Ever heard the word “anthropogenic”? I hadn’t, until an agitated voice on my telephone asked “Are you the guy that wrote all that rubbish about anthropogenic climate change in Farmer’s Weekly?” You might have seen the columns I wrote a few weeks back about how managers should respond to the threat of global warming. Almost every newspaper or magazine these days covers the subject, and since I’ve reached my tipping point, I’ve read them avidly. I’ve also been actively searching for information, and when I wrote those columns I thought I had done so on the basis of pretty good information. That’s why, apart from the fact that I didn’t know what she was talking about, I was so taken aback by the tone of the voice on the phone.
After my caller had informed me that “anthropogenic” meant “man-made” (as opposed to naturally occurring), I got her drift. She was upset that I had accepted as gospel that global warming was caused by artificial carbon emission. Sure, she acknowledged that climate change was taking place, but emphasised that this was a naturally occurring cyclical process. Contrary to the popular view that CO2 emission is causing global warming, she maintained it’s the other way round – the warm climate causes rising CO2 atmospheric concentrations, a classic case of confusion between cause and effect. She rattled off more facts and figures countering the view that artificial carbon emission was causing global warming – the lady was an informed dissident, and she was convincing. It was disconcerting. Here I was, an enthusiastic supporter of efforts to reduce carbon emission, and I had encouraged other managers to do the same. Was I wasting my time? Had I misled all my readers?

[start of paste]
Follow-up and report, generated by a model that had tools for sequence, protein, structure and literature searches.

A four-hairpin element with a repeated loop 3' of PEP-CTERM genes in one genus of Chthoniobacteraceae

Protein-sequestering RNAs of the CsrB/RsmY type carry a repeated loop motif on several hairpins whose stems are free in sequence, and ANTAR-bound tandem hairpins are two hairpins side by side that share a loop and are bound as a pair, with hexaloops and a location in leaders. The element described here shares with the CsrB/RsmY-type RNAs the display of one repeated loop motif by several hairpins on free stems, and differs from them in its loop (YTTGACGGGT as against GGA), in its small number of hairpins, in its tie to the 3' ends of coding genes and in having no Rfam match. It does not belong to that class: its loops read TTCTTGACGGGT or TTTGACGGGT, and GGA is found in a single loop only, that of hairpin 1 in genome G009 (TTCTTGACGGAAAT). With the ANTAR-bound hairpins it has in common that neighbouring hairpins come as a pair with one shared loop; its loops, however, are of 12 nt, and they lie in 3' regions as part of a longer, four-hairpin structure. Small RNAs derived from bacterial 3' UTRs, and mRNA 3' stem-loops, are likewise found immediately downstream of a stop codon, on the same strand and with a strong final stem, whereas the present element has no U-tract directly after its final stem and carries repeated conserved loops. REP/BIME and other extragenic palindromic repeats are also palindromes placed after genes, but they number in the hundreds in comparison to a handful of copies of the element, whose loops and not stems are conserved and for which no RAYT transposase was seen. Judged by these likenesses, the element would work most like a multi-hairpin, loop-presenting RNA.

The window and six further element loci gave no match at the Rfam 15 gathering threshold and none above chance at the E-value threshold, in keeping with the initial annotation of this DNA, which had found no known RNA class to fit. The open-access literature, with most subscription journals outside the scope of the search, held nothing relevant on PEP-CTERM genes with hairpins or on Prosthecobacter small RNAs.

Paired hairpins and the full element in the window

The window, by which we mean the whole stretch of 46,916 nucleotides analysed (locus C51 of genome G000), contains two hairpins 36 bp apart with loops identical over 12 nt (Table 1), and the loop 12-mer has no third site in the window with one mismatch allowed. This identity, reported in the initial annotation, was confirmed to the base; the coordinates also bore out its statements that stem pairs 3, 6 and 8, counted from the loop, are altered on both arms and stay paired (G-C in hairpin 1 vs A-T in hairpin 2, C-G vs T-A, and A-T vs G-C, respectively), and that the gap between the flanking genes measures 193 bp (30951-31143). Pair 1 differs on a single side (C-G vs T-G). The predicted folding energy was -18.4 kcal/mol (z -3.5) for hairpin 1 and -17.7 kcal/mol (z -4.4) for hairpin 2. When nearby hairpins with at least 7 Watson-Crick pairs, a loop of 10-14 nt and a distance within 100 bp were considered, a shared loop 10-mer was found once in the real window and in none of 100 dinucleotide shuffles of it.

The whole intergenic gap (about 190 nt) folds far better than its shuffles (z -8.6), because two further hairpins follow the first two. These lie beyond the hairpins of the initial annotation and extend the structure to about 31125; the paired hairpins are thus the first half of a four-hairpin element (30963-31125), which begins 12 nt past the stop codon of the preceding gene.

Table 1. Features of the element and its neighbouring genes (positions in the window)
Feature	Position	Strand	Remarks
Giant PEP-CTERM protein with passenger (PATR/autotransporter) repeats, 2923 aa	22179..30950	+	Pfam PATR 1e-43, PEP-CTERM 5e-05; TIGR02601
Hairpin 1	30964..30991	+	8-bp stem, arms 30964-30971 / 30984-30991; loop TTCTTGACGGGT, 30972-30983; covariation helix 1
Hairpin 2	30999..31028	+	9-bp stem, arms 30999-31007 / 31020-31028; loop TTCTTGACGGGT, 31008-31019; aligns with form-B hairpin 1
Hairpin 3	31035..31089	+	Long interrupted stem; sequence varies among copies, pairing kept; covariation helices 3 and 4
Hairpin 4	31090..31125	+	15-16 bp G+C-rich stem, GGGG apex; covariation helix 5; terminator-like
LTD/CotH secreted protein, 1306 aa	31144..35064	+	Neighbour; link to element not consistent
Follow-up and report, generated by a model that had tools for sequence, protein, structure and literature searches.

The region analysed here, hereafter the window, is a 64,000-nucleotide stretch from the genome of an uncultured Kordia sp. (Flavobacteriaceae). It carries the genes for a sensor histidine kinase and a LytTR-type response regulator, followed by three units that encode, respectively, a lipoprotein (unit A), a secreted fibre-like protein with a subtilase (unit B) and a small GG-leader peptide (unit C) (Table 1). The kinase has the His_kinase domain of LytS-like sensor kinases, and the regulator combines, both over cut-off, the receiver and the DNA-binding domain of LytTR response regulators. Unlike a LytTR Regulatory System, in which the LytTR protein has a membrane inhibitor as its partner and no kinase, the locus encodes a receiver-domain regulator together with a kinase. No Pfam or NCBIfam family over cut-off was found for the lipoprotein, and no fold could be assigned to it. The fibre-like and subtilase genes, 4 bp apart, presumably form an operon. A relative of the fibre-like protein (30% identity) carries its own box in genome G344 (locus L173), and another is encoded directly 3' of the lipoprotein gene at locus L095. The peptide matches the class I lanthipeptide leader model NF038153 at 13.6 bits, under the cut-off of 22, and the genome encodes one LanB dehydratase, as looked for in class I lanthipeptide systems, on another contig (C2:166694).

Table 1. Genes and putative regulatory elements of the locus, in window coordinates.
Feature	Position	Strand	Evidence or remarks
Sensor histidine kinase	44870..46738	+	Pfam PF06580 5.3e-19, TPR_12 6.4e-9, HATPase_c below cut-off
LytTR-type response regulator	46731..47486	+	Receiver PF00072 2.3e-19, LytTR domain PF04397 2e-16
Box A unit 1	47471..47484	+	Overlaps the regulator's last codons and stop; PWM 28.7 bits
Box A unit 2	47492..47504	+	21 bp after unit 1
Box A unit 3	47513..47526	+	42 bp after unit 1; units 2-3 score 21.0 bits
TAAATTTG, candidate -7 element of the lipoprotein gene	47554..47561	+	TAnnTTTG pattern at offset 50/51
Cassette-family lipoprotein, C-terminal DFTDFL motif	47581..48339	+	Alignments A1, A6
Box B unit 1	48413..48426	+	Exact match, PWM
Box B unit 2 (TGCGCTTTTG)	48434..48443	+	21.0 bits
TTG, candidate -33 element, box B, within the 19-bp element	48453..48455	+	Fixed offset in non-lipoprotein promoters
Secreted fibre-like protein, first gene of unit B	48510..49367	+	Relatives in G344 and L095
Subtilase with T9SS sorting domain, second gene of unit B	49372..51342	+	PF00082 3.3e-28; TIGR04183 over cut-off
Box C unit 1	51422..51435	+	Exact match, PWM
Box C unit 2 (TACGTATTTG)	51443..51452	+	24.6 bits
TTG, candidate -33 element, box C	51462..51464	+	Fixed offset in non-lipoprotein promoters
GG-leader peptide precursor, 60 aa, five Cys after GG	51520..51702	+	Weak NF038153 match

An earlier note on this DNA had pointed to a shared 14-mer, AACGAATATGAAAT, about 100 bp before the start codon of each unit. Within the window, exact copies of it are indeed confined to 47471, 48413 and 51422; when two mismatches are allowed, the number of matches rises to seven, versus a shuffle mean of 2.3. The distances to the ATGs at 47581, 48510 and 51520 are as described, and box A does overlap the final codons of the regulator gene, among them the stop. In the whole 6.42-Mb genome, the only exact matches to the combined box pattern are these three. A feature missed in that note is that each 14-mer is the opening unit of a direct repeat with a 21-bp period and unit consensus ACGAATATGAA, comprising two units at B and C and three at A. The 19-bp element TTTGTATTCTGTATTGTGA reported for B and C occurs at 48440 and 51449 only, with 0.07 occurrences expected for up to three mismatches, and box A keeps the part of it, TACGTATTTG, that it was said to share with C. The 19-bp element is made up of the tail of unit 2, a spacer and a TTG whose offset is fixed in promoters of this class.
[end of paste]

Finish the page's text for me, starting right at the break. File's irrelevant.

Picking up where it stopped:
“No,” she said. “Don’t get me wrong. The reduction of carbon emission is well worthwhile. It will save money, reduce pollution and extend the life of all fossil fuel deposits. “But yes,” she said, “you have misled readers by leading them to believe that by reducing carbon emission they will affect the climate.” She pointed out that the Intergovernmental Panel for Climate Change (IPCC: www.ipcc.ch), established by the United Nations, is generally accepted as the authority on the subject. In its latest 1 600-page report, the IPCC states that it is only “likely” that artificial carbon emission has had an effect on global warming.
Point taken, but how does this affect the way we manage our businesses? It seems to me there are two lessons: Just because a view is propounded and accepted by those around you, does not mean it is true. Remember the millennium bug? Always look for both sides of the story, and remember the saying – dead fish always swim with the stream. Whether carbon emission contributes to climate change or not, it’s good business to save energy and recycle. Money is saved; the environment is protected; profits are made. Do it.
Contact Peter Hughes on (013) 745 7303 or e-mail
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